The Psychology of Prejudice and Racism
What can psychology tell us about prejudice and racism?
Posted January 24, 2011 | Reviewed by Ekua Hagan
How do we define prejudice and racism?
As prejudice and racism have caused enormous suffering across history, it is very important to try to understand how they work.
Prejudice and racism both refer to a negative view of one group of people based solely on their membership in that group. Racism is a specific form of prejudice, involving prejudicial attitudes or behavior towards members of an ethnic group. The definition of race is somewhat variable but commonly refers to an ethnic group originating on a specific continent, such as people of African, European, or Asian descent.
What is stereotyping and how does it relate to social prejudice?
Stereotyping goes hand in hand with prejudice. The term "stereotype," as used in social science, was first introduced by the journalist Walter Lippman in 1922. Previously, the term had been used in the printing business. When we stereotype people, we attribute a series of traits to them based on the one trait that signals their membership in a particular group. Common contemporary stereotypes are that Asians are hardworking and studious, Hispanics are macho, and that librarians are introverts.
By definition, stereotypes are limiting and disregard people's individuality. They also lend themselves to negative and derogatory assumptions. When that happens the stereotype blends into prejudice.
How does our tendency to categorize lend itself to stereotyping?
The tendency to classify our experience into categories is a fundamental and universal aspect of human cognition. We create concepts in order to make sense of the endless complexity we encounter in our environment. This is a necessary part of human thought, allowing us to process information efficiently and quickly. If we did not create categories, our entire life would be a buzzing mass of confusion.
In social categorization, we place people into categories. People also reflexively distinguish members of in-groups (groups of which the subject is a member) from members of out-groups. Furthermore, people tend to evaluate out-groups more negatively than in-groups. In this way, social categories easily lend themselves to stereotypes in general and to negative stereotypes in particular.
Is in-group chauvinism natural?
Some capacity for favoritism of one's own group over others appears to be a natural human tendency. In many studies, people attribute more positive traits to their own group than to other groups.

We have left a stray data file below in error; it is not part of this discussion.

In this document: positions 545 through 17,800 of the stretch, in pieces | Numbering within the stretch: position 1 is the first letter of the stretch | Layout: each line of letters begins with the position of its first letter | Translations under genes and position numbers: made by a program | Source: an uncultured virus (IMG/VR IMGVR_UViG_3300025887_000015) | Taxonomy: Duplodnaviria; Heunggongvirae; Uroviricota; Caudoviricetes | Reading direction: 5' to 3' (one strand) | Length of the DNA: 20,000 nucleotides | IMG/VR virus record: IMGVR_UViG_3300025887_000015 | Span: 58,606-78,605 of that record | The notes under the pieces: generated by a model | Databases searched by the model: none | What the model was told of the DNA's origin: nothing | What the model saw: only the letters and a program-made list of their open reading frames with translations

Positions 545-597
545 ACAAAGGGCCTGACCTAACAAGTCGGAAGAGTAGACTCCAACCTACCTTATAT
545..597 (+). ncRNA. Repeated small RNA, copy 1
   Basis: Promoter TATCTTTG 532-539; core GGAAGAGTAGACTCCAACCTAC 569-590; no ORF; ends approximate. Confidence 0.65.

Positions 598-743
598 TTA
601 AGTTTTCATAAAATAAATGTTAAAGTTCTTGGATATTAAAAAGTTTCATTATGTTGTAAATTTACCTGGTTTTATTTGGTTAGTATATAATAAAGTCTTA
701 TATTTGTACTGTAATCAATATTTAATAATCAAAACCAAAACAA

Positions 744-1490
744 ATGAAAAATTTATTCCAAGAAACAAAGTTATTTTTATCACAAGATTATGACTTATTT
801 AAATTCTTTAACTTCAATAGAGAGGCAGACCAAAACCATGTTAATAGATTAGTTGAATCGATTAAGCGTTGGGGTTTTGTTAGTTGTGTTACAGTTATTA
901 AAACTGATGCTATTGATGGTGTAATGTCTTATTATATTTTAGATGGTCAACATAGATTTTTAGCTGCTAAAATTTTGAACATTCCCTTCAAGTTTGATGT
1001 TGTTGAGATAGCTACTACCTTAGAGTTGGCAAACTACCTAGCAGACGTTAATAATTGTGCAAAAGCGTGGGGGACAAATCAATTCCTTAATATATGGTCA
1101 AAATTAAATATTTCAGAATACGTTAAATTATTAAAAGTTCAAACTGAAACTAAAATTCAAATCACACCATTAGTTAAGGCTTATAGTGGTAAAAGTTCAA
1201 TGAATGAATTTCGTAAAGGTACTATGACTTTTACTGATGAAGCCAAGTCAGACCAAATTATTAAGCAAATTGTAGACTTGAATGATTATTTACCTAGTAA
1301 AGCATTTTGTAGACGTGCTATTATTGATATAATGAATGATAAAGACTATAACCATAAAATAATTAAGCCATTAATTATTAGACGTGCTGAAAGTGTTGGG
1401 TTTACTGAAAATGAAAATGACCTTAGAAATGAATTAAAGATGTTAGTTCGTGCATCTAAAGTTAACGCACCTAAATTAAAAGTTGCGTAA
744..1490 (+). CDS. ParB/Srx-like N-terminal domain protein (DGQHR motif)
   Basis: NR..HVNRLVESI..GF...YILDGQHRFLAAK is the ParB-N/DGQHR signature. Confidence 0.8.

This has been demonstrated cross-culturally. In 1976, Marilynn Brewer and Donald Campbell published a survey of 30 tribal groups in East Africa. Their subjects had been asked to rate their own and other tribes on a series of traits. Twenty-seven of the 30 groups rated their own group more positively than any other group.
In-group favoritism or chauvinism can also be created in experimental research. In a series of classic studies published in the 1950s and 1960s, Muzafer and Carolyn Sherif and their colleagues recruited a group of 12-year-old boys to attend a summer camp. The boys were divided into two teams which were then pitted against each other in competitive games. Following these games, the boys very clearly displayed in-group chauvinism. They consistently rated their own team's performance as superior to the other team's. Furthermore, 90% of the boys identified their best friends from within their own group even though, prior to group assignment, many had best friends in the other group.
How do we reduce social prejudice?
Given our diverse and multi-ethnic world, it is of great importance to understand ways to reduce social prejudice. In the 1950s, Gordon Allport introduced the intergroup-contact hypothesis. In this view, intergroup contact under positive conditions can reduce social prejudice. The necessary conditions include cooperation towards shared goals, equal status between groups, and the support of local authorities and cultural norms.
Considerable research since then has supported these ideas. In a 2003 review, Stephen Wright and Donald Taylor also noted the effectiveness of identification with a super-ordinate group. In other words, different groups can come together as part of one overarching group; for example, as part of one community or of a common humanity.
Do cross-group friendships reduce social prejudice?
Positive emotional experiences with members of different groups can also reduce negative stereotypes. Having close friends from different groups is especially effective in this regard. There may be several reasons for this.
For one, it is near impossible to hold onto a simplistic, negative stereotype of someone you know well. Secondly, a close relationship promotes identification with the other person and of the groups they belong to. In other words, your relationships with other people become part of who you are. This is referred to as including the other in the self, a notion introduced by Stephen Wright, Arthur Aron, and colleagues.
If you want to read more about the psychology of prejudice, stereotyping, group dynamics, or morality (plus many, many more topics), check out The Handy Psychology Answer Book, available at Amazon.com and Visible Ink Press.
Brewer, M.B. & Campbell, D. (1976). Ethnocentrism and Inter-Group attitudes: East African Evidence. New York: Sage Publications.
Brown, R. (2000). Group Processes, 2nd Edition. Malden, MA: Blackwell Publishing.
Wright, D. & Taylor, D.M.(2009). "The social psychology of cultural diversity: Social prejudice, stereotyping and discrimination," The SAGE Handbook of Social Psychology, Concise Student Edition. M. Hogg & J. Cooper (Eds.), Los Angeles, CA: SAGE Publications, pps. 361-387.